“Border Crossings and Crossroads in Recent Hispanic Cinema: A Film Series” continues at CSULB with “La Yuma” on Monday, Feb. 2, at 7 p.m. in Lecture Hall 151. At the same place and time “El Regreso” will be shown on Monday, Feb. 9, “Contracorriente” on Monday, Feb. 16, and “Aqui y Allá” on Monday, Feb. 23.
This series explores immigration issues as well as metaphorical aspects of border crossings such as sexual identity and gender bending in recent Hispanic cinema.
Film series organizers and faculty members Bonnie Gasior and Francisca González Flores applauded the series and its theme of border crossings. “The theme of immigration is especially relevant to California,” said González-Flores. “The borders in question are not only geographical but also metaphorical; they can also relate to gender and sexuality, for example.”
Considering CSULB’s designation in 2007 as a Hispanic-Serving Institution by the U.S. Department of Education in recognition of having at least a 25 percent Hispanic full-time equivalent enrollment of whom at least 50 percent are considered low-income, RGRLL works hard to keep their interests in mind, said Gasior.
“When planning for these intellectual events, our students are always our top priority,” she said. Gasior also underscored the importance of making the Long Beach community feel welcome to participate. “We want them to join us for these screenings. Their involvement generates all kinds of fortuitous upshots, such as creating an awareness of culture and language study beyond our classrooms.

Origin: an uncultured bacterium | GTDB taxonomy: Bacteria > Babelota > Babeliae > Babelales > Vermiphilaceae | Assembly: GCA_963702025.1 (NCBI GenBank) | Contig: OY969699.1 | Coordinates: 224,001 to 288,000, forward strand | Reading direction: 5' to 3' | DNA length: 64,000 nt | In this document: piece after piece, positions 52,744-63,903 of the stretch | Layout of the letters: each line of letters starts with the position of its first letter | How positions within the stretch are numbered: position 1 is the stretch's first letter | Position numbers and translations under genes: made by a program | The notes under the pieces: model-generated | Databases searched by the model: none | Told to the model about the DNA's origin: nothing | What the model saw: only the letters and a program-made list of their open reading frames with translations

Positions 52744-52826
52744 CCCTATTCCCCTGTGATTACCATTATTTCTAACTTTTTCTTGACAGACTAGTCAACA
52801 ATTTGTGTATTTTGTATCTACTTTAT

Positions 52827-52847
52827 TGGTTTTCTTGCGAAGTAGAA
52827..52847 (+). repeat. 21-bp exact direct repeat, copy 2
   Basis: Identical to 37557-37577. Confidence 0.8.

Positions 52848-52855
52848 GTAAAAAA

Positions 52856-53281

“The theme of border crossings manifests in a myriad of ways, and these films attest to this diversity. In the first film, ‘¿Quién es Dayani Cristal?,’ a body is discovered in the Arizona Desert with no identification except for a distinctive tattoo. It deals with the more traditional understanding of border crossings through geographical spaces. ‘La Yuma,’ on the other hand, introduces filmgoers to a female boxer from Nicaragua whose personal `border crossing’ is tied more closely to questions of gender roles in society. Similarly, ‘Contracorriente,’ a Peruvian selection, follows a married husband and soon-to-be father and his clandestine romantic relationship with his male lover.
When asked what González-Flores and Gasior expected the audience to take away from these recent films, they concurred, “We hope the filmgoers will ponder and perhaps reconsider what is gained (Freedom? Power? Love?) or lost (Family? Values? One’s life?) by transgressing borders,” said Garcia. “The audience will get something from this series by default because film is a beautiful medium that makes you think about the world in a different way.”
Film series like this one offer the chance to see movies not screened anywhere else, said González-Flores. “Nicaragua and Costa Rica are not countries with prolific cinematic output. ‘La Yuma,’ for instance, is Nicaragua’s first full-length feature film in 20 years,” she explained. “In a sense, then, these films are cinematic border crossings in themselves.”
The film series represents a wonderful opportunity for students, faculty and staff to have access to critically-acclaimed, independent foreign movies, said González-Flores.
“Having the chance to watch films from Central American countries, for example, opens a new world of cinema and allows us to come full circle with the theme of borders and crossroads,” she said.
The series was made possible by a College of Liberal Arts Scholarly Intersections Grant and with the support of Pragda, the Ministry of Education, Culture and Sports of Spain as well as Spain Arts and Culture. Co-sponsors include film and electronic arts, geography, Latin American studies, Romance/German/Russian Languages and Literatures, the Spanish Graduate Student Association and the University Library.